Healthcare / Politics

Addressing Social Determinants of Health

Addressing Social Determinants of Health: National Institute for Health Care Management webinar

Social determinants of health (SDOH) are “the conditions in which people are born, grow, live, work, and age,” according to the WHO.[1] Examples of key issue areas include gender equity, early childhood education, social support, housing, transportation, and food security. Addressing social determinants of health is a growing trend in healthcare today, driven by the fact that environmental, social, and economic factors influence 50% of health outcomes.[2] Social determinants of health focus on health beyond medical care and seek to address the unequal distributions of money, power, and resources that cause avoidable differences in health outcomes. In a consumer health survey of over 2,000 individuals, respondents who self-reported poor physical or mental health were more likely to report multiple unmet social needs.[3] In addition, respondents reporting unmet social needs were more than two times more likely to report multiple ER visits in a year when compared to those without unmet social needs.[4] Focusing on social determinants of health, rather than behavioral or clinical causes of health, can improve health outcomes and reduce costs in the long-run.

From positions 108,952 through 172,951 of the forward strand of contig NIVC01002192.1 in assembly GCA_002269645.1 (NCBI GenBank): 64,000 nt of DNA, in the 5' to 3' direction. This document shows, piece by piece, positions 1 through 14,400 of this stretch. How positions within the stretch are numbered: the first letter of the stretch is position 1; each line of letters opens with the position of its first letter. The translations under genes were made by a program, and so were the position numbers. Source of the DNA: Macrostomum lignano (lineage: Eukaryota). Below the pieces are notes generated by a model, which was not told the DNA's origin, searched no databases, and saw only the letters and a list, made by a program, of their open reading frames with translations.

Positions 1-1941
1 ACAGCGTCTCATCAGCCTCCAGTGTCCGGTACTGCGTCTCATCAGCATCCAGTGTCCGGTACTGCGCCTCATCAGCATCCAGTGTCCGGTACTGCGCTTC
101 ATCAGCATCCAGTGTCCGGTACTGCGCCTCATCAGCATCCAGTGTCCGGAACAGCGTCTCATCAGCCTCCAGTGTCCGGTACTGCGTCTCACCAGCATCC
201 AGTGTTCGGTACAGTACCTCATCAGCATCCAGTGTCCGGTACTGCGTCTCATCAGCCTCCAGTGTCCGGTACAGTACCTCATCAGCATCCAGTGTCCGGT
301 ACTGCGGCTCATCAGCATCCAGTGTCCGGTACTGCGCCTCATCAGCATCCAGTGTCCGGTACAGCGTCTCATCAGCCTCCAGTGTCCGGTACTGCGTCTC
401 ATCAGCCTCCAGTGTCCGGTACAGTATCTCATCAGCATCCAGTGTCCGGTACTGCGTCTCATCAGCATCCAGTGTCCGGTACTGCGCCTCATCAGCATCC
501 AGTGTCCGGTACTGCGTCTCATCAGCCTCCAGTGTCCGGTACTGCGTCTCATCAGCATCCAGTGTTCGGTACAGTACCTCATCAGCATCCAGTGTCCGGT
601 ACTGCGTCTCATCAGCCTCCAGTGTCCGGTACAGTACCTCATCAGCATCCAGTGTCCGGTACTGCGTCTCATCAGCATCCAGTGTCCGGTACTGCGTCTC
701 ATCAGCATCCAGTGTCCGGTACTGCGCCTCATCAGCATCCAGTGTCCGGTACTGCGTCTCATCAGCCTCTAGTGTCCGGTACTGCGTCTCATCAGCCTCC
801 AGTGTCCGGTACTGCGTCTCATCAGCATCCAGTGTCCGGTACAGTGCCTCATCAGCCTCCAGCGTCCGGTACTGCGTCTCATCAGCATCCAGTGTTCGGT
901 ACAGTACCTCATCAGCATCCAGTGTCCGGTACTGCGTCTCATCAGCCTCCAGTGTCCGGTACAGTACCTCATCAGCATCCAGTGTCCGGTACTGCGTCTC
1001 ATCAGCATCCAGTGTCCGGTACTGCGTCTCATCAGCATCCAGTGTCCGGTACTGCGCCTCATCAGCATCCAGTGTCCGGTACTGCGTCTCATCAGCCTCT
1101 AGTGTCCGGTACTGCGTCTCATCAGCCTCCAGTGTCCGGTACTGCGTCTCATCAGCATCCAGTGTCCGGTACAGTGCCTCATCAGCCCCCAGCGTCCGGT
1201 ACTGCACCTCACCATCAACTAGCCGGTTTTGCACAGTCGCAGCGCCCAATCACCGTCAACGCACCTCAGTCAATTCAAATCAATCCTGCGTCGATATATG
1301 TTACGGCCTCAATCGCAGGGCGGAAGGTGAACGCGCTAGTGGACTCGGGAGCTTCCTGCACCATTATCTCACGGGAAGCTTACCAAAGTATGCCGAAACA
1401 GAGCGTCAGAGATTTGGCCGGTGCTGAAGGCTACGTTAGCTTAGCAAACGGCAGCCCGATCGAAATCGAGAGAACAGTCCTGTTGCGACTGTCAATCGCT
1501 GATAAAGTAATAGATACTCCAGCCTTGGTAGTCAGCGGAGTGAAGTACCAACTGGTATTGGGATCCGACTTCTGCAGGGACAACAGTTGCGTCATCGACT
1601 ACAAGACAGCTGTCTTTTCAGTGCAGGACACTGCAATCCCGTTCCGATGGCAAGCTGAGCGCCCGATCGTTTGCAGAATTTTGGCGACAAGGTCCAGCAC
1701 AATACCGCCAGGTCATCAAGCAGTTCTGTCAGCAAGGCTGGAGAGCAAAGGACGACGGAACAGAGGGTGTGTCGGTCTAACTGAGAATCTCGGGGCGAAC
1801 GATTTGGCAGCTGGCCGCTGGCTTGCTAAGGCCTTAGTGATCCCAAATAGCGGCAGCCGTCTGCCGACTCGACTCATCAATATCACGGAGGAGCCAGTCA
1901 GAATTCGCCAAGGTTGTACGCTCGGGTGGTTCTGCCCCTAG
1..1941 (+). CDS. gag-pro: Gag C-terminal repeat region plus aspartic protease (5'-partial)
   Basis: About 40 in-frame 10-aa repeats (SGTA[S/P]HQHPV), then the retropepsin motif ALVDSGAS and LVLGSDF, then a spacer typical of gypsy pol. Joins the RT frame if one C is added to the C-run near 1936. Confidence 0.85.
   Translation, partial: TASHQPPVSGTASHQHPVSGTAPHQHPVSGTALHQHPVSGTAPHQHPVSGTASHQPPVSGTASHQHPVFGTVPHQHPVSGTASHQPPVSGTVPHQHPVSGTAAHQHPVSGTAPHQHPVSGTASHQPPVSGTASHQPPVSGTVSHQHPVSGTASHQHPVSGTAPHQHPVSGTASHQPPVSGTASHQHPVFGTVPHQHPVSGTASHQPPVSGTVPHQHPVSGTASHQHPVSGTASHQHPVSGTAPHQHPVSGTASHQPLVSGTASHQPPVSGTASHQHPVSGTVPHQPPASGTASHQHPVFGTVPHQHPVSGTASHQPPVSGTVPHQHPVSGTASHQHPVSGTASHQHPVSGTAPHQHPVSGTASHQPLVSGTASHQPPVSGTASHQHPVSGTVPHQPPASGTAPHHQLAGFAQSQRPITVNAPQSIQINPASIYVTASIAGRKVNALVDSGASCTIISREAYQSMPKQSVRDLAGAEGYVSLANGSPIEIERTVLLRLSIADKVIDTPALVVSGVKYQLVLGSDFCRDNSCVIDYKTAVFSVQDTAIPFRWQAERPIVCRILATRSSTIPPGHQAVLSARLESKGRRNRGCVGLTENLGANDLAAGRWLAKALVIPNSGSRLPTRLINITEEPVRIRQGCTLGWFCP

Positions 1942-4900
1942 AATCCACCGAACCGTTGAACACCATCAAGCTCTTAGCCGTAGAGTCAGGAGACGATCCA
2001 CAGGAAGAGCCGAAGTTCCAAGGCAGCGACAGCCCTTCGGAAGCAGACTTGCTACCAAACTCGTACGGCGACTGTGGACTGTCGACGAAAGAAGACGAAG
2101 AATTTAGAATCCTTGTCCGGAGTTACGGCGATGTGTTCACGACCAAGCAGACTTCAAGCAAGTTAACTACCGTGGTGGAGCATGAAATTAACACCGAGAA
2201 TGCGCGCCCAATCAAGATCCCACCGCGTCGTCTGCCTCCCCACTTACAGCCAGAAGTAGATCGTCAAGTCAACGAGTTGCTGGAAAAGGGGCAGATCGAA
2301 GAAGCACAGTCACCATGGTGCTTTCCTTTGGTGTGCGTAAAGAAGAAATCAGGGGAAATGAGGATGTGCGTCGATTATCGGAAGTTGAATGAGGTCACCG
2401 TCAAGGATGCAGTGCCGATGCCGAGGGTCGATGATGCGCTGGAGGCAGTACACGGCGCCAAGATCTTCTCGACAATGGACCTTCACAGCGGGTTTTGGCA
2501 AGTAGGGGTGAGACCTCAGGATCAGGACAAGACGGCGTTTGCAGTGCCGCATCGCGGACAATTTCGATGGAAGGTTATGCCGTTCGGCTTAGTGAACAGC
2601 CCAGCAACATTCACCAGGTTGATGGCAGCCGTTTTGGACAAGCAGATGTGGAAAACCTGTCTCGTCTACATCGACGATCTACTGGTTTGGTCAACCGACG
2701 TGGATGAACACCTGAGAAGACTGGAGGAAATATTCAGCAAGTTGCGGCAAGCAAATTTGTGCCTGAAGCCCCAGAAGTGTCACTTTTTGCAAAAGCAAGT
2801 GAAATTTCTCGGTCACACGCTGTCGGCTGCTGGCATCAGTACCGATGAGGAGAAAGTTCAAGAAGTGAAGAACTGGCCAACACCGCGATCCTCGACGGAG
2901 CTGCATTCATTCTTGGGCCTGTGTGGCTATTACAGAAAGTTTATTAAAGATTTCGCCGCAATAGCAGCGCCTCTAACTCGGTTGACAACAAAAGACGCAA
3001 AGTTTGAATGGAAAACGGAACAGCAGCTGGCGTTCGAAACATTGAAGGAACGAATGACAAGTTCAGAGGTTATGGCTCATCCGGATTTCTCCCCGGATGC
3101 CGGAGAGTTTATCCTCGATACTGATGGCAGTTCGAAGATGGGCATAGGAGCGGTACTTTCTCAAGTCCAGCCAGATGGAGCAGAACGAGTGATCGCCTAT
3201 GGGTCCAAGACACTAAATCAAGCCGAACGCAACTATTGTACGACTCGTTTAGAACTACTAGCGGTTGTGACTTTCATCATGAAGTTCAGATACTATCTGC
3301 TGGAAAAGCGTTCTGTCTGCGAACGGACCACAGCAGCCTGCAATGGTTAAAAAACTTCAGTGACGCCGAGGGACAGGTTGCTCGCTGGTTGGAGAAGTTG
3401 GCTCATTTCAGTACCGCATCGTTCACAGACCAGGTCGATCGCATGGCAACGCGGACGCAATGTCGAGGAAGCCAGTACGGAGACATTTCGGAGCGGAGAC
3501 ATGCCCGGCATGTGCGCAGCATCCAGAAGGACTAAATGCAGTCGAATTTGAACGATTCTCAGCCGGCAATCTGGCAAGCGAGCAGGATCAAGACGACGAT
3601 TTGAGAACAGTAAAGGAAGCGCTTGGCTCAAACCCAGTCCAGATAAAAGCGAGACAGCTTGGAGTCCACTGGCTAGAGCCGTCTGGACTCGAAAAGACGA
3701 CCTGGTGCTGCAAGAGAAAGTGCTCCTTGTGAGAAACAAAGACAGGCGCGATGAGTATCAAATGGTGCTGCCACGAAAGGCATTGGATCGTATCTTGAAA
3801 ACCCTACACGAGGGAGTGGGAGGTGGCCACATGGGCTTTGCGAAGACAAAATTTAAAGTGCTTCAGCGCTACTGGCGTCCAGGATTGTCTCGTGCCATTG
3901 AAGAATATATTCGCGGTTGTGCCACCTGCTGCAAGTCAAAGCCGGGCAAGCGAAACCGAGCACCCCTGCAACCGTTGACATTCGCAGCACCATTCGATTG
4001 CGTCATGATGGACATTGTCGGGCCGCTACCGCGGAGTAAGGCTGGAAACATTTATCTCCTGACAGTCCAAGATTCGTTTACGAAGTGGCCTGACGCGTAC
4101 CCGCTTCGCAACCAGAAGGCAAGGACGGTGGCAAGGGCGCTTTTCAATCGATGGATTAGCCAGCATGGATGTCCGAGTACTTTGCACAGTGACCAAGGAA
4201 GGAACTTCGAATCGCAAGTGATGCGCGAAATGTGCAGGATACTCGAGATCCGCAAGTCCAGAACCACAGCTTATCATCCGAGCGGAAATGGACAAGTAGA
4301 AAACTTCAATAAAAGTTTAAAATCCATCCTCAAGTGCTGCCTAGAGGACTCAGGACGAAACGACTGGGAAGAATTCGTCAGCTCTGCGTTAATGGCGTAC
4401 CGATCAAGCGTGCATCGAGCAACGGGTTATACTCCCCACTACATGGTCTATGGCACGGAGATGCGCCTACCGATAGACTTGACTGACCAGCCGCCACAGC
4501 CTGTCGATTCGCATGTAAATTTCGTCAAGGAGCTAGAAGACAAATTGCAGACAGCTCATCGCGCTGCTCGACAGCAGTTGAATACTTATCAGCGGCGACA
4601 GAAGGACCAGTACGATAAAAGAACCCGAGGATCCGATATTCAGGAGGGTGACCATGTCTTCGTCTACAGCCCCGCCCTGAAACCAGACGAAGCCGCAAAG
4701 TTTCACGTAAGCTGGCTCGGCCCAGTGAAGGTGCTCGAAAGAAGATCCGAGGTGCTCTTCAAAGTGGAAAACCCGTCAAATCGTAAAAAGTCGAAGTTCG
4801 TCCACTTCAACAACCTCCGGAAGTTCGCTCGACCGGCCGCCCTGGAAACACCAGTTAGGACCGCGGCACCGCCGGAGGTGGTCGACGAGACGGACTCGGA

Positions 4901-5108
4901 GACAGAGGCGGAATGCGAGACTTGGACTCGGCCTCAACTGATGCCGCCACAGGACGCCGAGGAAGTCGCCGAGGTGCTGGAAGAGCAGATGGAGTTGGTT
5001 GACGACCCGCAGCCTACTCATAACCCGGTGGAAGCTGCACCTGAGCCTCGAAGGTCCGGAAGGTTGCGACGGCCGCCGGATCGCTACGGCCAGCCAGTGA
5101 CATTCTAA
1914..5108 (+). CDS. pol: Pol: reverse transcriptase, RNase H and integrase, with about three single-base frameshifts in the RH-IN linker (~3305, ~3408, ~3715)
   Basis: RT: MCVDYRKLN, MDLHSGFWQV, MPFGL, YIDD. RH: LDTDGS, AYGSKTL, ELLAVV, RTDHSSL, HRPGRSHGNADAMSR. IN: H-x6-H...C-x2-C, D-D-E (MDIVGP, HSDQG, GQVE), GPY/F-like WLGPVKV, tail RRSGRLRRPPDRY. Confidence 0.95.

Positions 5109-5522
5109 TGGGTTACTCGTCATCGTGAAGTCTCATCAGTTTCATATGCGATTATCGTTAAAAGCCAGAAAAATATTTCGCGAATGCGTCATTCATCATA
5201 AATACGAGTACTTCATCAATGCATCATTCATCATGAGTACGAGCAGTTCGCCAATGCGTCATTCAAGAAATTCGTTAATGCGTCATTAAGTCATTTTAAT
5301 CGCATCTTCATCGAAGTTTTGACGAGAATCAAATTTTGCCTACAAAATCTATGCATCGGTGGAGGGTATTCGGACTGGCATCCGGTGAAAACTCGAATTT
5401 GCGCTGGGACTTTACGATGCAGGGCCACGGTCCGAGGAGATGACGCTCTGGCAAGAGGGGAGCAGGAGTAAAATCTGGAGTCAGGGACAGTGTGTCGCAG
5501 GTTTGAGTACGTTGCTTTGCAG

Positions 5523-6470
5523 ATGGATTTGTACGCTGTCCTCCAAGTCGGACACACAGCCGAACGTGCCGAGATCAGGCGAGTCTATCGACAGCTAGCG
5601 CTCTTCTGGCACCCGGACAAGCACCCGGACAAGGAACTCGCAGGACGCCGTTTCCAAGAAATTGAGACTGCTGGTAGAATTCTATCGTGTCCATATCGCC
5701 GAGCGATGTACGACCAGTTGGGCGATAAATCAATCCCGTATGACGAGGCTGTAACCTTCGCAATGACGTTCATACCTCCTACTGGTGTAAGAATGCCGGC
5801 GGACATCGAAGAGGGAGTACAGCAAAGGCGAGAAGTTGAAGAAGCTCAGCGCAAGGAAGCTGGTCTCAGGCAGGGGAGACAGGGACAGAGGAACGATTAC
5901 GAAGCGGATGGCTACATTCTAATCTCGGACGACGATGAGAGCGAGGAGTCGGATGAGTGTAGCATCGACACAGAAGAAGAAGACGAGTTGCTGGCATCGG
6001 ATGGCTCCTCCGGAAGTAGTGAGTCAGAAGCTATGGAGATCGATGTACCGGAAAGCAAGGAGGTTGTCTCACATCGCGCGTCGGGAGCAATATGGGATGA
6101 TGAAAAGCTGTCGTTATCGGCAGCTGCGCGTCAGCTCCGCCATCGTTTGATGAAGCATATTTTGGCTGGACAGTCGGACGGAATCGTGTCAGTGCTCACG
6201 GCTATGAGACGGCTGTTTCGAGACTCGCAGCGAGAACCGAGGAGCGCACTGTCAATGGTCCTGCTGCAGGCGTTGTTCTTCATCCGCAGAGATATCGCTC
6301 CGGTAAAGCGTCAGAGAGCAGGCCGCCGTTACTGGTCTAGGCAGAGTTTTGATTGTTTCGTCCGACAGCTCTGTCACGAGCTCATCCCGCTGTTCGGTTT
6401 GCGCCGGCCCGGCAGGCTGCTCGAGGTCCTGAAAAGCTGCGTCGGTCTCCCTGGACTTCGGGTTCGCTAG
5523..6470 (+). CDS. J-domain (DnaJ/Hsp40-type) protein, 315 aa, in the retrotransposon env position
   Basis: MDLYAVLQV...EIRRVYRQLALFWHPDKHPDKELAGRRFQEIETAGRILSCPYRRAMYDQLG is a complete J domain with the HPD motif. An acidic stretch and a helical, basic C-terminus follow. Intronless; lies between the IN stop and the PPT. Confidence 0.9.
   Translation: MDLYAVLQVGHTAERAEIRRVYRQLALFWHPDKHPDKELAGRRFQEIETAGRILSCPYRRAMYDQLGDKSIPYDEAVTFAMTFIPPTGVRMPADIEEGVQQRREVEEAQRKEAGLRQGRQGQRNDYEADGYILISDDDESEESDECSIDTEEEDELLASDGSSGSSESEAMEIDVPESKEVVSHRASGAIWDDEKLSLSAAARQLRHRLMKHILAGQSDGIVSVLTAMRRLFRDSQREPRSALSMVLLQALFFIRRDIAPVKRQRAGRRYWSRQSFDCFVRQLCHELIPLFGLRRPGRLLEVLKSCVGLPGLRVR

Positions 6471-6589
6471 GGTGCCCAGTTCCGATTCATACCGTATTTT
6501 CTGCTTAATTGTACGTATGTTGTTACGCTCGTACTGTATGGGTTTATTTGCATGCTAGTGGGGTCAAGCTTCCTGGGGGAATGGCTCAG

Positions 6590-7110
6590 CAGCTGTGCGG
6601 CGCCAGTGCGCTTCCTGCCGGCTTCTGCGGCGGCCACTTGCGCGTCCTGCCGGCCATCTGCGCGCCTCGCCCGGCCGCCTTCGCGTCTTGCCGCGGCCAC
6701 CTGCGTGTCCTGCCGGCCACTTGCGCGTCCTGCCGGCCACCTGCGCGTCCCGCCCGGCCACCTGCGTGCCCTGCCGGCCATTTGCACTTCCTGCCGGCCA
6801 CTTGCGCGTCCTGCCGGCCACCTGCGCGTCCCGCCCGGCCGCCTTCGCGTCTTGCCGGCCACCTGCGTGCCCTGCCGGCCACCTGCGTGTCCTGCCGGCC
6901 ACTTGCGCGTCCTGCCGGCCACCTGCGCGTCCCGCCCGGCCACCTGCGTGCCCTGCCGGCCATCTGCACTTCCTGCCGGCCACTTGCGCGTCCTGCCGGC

The National Institute for Health Care Management (NIHCM), a non-profit organization dedicated to transforming healthcare with practical solutions, held a webinar last week on the Social Determinants of Health, which I was lucky to attend. The webinar focused specifically on technology and workforce approaches to addressing SDOH. The NIHCM Foundation has a network of partners in both federal and state governments, as well as in public health academia and the private sector, making them the perfect advocate for collaboration across sectors.[5] The goals of the webinar were to bring together public health stakeholders and to initiate partnerships between healthcare providers and social workers to address the social determinants of health.[6] Karen DeSalvo, Chief Health Officer at Google and Co-Convener of the National Alliance to Impact SDOH, spoke during the webinar about necessary frameworks to overcome the complexities of social determinants of health. Organizations should first define social risks and attempt to increase awareness of the impact of social determinants of health, then focus on reducing social risks at both the individual and community levels. Eventually, promotion of policies that change funding to address discrepancies in health and social resources will re-align sectors and close gaps in care. The next speaker in the webinar was Rivka Friedman, Director of Prevention and Population Health Group at the Center for Medicare and Medicaid Innovation (CMMI). She explained two CMMI models that address SDOH, the first, called the Accountable Health Communities (AHC) model. Launched in 2014, this model screened beneficiaries for health-related social needs and funded bridge organizations (like the YMCA and local health clinics) to connect with social service providers. The second model from the CMMI, called the Integrated Care for Kids (InCK) model, just launched in January 2020. Encouraging more collaboration than the AHC model, InCK funds communities to partner with state Medicaid agencies and establish care teams for at-risk children and pregnant women to reduce avoidable inpatient stays and improve health outcomes. Next in the webinar, Alan Gilbert, Vice President of Anthem Insurance, spoke about Anthem’s new business initiatives that address SDOH and improve care. The four key drivers of health interventions, and the four main areas addressed by Anthem’s initiatives, are enhanced care delivery, health food, employment/education/housing, and transportation and access to care. Kelli Tice Wells, Senior Medical Director of Medical Affairs at Florida Blue Insurance also spoke during the webinar and explained Florida Blue’s community health approach to addressing SDOH. Using local solutions, like utilizing local social workers, can help connect patients to health-related social care services and targets the environmental, social, and economic factors that affect health outcomes.